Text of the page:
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We are often asked how a rolled ice cream machine works. In this article, we take a look at how different types of rolled ice cream machines work. Click the photo below for a larger view of the ice cream roll machine refrigeration schematics.

How a Rolled Ice Cream Machine Works

An ice cream roll machine can be constructed several different ways. The cheapest machines on the market use a single simple refrigeration loop. A compressor outputs a high-pressure high-temperature refrigerant vapor. This hot refrigerant vapor goes through the condenser/fan unit which removes the heat from the gas and transforms it to a hot liquid refrigerant. The liquid refrigerant then goes through a capillary tube which drops the pressure and temperature of the liquid. This low temp liquid refrigerant then enters the cold pan's cooling coils, where heat is absorbed by the refrigerant travelling through the tubes. This is what cools the ice cream pan's surface. As the refrigerant warms, it changes back to a low-temperature low-pressure vapor. This vapor is then sucked back into the compressor where it is again compressed back to a high-pressure high-temperature vapor, starting the entire cycle over again.

With the cheap pans on the market, the temperature is regulated in these systems simply by turning the compressor on and off. This poses several problems. First, turning the compressor on and off frequently is not good for it. This will lead to an early failure of your compressor. Second, this type of regulation doesn't allow the pan surface temperature to equalize. The middle of the pan might get cold but the outer edges are not likely to reach the desired temperature. The longer the compressor runs the more the temperature differential across the pan will lessen. But, there is a better way.

Adding a refrigeration solenoid between the compressor output and input provides another method for regulating temperature. When this solenoid opens a portion of the hot vapor coming from the compressor is bypassed around the normal refrigeration loop and is fed directly back to the compressor, effectively reducing the refrigeration capacity of the circuit. This allows the pan surface to gradually warm up during this time. While this method is better than the previous one mentioned, it still has one issue. When the bypass solenoid is open the hot gas can travel backwards through the pan's coils. The effect of this is the ends of the pan warm significantly. The more expensive Kolice brand units use this type of regulation.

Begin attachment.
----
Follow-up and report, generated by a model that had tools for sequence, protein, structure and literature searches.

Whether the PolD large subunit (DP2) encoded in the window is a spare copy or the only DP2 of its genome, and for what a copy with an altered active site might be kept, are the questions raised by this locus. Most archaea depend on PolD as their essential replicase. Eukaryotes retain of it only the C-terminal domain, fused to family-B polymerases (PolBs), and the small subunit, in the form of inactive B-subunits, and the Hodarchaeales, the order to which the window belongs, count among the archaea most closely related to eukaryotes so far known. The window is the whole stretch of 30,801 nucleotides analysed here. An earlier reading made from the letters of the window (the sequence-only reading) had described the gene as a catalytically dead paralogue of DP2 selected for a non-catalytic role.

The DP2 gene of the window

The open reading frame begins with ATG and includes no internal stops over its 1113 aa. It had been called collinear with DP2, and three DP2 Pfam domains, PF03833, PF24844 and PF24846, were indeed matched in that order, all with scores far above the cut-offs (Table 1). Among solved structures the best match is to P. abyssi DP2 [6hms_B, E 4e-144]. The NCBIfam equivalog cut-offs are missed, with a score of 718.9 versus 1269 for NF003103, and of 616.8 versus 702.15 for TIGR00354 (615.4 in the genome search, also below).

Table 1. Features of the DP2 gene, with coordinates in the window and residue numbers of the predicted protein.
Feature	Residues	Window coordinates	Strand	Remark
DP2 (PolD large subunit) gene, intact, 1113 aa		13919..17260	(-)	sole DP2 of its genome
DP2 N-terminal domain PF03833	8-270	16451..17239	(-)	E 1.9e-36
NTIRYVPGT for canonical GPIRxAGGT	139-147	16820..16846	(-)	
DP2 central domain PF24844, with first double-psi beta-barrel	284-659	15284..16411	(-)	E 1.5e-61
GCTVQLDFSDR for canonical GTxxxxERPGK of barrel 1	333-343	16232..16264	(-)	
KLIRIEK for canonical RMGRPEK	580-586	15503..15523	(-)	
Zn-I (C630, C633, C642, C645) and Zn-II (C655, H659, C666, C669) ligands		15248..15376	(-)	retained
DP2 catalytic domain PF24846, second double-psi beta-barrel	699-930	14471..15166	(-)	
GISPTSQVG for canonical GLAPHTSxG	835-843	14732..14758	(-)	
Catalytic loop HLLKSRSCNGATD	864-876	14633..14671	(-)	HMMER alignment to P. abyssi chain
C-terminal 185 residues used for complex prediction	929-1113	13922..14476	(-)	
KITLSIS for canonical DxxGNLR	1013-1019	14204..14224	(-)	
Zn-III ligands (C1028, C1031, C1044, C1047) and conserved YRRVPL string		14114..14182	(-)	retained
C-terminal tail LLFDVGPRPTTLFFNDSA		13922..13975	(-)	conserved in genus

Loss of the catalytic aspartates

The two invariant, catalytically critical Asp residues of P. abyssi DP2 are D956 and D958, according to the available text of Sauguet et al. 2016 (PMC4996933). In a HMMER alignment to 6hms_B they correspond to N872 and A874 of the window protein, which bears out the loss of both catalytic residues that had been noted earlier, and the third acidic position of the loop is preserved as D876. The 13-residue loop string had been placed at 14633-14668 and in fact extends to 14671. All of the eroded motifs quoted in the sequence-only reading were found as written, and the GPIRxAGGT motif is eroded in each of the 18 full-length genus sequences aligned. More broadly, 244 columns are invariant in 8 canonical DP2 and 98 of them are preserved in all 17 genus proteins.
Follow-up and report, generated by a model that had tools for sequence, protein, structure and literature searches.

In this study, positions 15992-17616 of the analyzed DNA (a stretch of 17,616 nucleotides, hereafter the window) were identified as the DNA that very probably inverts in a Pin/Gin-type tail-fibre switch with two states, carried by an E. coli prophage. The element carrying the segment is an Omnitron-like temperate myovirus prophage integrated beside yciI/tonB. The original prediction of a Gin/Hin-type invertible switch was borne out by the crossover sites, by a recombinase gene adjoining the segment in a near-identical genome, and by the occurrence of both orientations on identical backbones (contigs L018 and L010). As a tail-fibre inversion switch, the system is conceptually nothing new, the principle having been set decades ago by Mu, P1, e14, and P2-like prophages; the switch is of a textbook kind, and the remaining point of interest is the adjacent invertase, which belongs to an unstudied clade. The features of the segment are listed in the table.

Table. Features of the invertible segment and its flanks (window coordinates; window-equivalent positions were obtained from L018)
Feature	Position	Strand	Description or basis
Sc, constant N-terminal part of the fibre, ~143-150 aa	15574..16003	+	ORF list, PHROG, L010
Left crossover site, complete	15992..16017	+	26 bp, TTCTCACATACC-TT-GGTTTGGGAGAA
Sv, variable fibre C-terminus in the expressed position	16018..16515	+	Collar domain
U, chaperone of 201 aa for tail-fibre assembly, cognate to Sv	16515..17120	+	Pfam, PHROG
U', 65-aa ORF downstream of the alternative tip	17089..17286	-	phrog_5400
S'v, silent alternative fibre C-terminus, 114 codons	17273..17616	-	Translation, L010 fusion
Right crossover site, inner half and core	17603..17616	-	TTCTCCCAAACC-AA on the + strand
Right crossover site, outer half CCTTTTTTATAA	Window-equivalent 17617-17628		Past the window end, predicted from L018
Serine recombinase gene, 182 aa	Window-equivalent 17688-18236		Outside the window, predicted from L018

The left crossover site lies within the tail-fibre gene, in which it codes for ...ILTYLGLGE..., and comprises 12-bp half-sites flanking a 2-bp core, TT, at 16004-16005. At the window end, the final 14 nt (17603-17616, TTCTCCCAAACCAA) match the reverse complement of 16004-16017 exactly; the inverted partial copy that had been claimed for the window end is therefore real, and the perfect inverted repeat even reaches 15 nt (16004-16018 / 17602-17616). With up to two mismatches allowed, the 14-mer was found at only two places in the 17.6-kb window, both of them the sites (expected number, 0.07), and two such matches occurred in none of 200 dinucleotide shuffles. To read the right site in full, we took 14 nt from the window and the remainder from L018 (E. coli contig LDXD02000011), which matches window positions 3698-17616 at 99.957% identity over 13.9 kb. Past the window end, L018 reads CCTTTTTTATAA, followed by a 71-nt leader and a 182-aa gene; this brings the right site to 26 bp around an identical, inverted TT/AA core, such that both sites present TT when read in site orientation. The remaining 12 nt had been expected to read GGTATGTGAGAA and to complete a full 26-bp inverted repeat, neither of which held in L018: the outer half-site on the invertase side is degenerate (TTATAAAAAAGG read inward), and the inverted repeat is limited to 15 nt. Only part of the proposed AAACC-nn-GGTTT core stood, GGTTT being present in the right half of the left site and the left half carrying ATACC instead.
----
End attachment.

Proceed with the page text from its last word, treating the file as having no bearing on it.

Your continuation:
The Arctic Griddle series of rolled ice cream pans are the only one's on the market to have solved this last challenge. A check valve is included in the output of the pan coils to prevent this reverse hot gas flow. While this adds cost to the construction of our units, our pan tops have the most even and stable temperature control of any rolled ice cream machine on the market.   

Defrost for almost all machines on the market is done through a hot gas process. A solenoid is connected between the output of the compressor and the pan's coil input. When this solenoid opens, the hot gas rushes through the coils and warms the pan significantly. 

When a cheap rolled ice cream machine fails it is almost always the result of a bad solenoid or relay that controls the solenoid. Therefore, just having these components is not enough to make a machine good. These particular components must be of high quality and reliability or they will actually lead to more problems down the road.

If you have any more questions about how a rolled/fried ice cream machine works please feel free to send us your questions.